Eikka
not rated yet Dec 07, 2017
Converting the ethanol into butanol greatly reduces the energy necessary to separate it from the water, because it's less soluble.

The main problem of ethanol as fuel is not its corrosive properties or poor energy density, but the large amount of energy required to make it. About 75% of the energy contents of a barrel of ethanol is actually from fossil fuels, as they are the cheapest way to run the farm equipment and then the brewery/distillery.

antialias_physorg
5 / 5 (1) Dec 07, 2017
I'm all for sustainable energy sources.. But using BEER ! That's a red line!!

I dunno. I could name a number of beers that would be better off as fuels.

But seriously: That this process is feasible is not in doubt. That it is economical in any way is something that needs to be investigated. Alcoholic beverages aren't generated 'for free'. Even though the microbes themselves aren't paid there's quite a bit of input in terms of environmental controls and time. There needs to be a throughput calculation how much fuel can be generated given x amount of factory space and y amount of time to see if this makes any sense in the real world.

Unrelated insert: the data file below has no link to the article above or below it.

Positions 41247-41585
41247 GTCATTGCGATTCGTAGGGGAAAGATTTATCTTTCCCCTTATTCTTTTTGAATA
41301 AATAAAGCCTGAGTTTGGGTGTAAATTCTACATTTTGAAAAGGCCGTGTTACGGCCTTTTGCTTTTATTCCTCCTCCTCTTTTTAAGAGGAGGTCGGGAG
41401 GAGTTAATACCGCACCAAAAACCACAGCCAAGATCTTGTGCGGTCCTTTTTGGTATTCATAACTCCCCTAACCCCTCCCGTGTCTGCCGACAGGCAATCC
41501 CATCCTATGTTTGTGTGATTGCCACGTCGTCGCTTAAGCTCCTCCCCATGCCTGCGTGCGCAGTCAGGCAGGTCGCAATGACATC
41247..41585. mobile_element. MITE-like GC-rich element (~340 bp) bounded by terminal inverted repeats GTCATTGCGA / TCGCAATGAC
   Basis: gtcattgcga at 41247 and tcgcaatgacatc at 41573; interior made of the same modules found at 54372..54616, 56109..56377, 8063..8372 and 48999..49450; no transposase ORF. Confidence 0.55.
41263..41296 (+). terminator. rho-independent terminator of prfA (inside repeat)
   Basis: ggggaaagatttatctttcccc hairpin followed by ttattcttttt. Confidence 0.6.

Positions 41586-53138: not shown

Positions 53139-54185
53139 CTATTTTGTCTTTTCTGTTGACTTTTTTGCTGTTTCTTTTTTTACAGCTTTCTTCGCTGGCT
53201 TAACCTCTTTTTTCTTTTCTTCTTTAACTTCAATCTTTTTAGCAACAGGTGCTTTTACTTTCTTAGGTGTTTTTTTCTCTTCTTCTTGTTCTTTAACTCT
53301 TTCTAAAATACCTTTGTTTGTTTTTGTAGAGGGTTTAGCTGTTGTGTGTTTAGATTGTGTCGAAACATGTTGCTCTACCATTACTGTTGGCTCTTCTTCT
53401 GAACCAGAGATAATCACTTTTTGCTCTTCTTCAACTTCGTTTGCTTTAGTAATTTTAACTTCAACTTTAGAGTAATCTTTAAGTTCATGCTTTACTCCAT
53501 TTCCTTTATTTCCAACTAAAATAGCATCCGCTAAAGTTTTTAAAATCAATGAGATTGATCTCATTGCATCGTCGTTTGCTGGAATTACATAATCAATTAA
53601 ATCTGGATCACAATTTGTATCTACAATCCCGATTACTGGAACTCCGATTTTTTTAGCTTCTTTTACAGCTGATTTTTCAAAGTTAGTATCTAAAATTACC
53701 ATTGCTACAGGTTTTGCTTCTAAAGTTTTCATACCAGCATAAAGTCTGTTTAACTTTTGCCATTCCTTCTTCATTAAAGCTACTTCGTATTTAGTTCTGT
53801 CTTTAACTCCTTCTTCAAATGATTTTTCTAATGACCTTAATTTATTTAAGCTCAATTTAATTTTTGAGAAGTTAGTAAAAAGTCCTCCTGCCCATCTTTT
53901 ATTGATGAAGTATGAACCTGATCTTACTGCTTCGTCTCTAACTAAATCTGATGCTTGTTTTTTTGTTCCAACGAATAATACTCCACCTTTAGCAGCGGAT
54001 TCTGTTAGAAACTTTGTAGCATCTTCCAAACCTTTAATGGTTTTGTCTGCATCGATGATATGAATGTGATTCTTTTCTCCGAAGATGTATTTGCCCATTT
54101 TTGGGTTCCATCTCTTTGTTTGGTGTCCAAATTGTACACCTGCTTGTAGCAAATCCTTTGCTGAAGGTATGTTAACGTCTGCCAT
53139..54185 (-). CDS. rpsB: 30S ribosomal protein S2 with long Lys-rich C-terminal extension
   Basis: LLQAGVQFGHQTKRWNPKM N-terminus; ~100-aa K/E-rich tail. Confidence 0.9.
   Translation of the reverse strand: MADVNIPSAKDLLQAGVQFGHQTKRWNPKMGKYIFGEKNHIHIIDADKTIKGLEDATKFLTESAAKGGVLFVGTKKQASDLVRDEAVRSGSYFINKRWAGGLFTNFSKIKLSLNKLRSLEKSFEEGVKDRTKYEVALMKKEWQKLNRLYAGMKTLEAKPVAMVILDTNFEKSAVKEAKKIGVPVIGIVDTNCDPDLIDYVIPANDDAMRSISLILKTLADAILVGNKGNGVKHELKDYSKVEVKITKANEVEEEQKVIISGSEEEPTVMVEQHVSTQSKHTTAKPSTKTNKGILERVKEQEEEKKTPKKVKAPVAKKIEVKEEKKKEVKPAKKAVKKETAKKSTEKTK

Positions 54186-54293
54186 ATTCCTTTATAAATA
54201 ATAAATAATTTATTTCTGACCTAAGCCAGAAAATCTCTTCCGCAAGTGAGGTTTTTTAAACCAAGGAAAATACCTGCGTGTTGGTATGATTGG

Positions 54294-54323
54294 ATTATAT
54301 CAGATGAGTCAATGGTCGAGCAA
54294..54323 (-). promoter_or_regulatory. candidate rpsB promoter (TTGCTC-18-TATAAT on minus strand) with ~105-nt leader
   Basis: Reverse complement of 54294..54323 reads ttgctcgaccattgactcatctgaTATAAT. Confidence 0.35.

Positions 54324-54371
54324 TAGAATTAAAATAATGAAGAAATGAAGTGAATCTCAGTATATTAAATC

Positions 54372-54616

Eikka
not rated yet Dec 07, 2017
There needs to be a throughput calculation how much fuel can be generated given x amount of factory space and y amount of time to see if this makes any sense in the real world.


For ethanol it is already known that the EROEI of the process, with fossil fuels being largely the input, is around 1.3 - 2 except where exceptional conditions exist such as sugar cane in Brazil where the cost is slash-and-burn agriculture in the jungle instead of chemically fertilized farms.

The conversion to butanol necessarily involves some loss of efficiency, but it greatly reduces the cost of separating the fuel from the raw stock.
rrwillsj
not rated yet Dec 07, 2017
E,, perhaps I am misunderstanding your comment. "but it greatly reduces the cost of separating the fuel from the raw stock."

Have you factored in the energy/environmental/ tansportation/development/ROI/tech construction costs of producing the raw stock?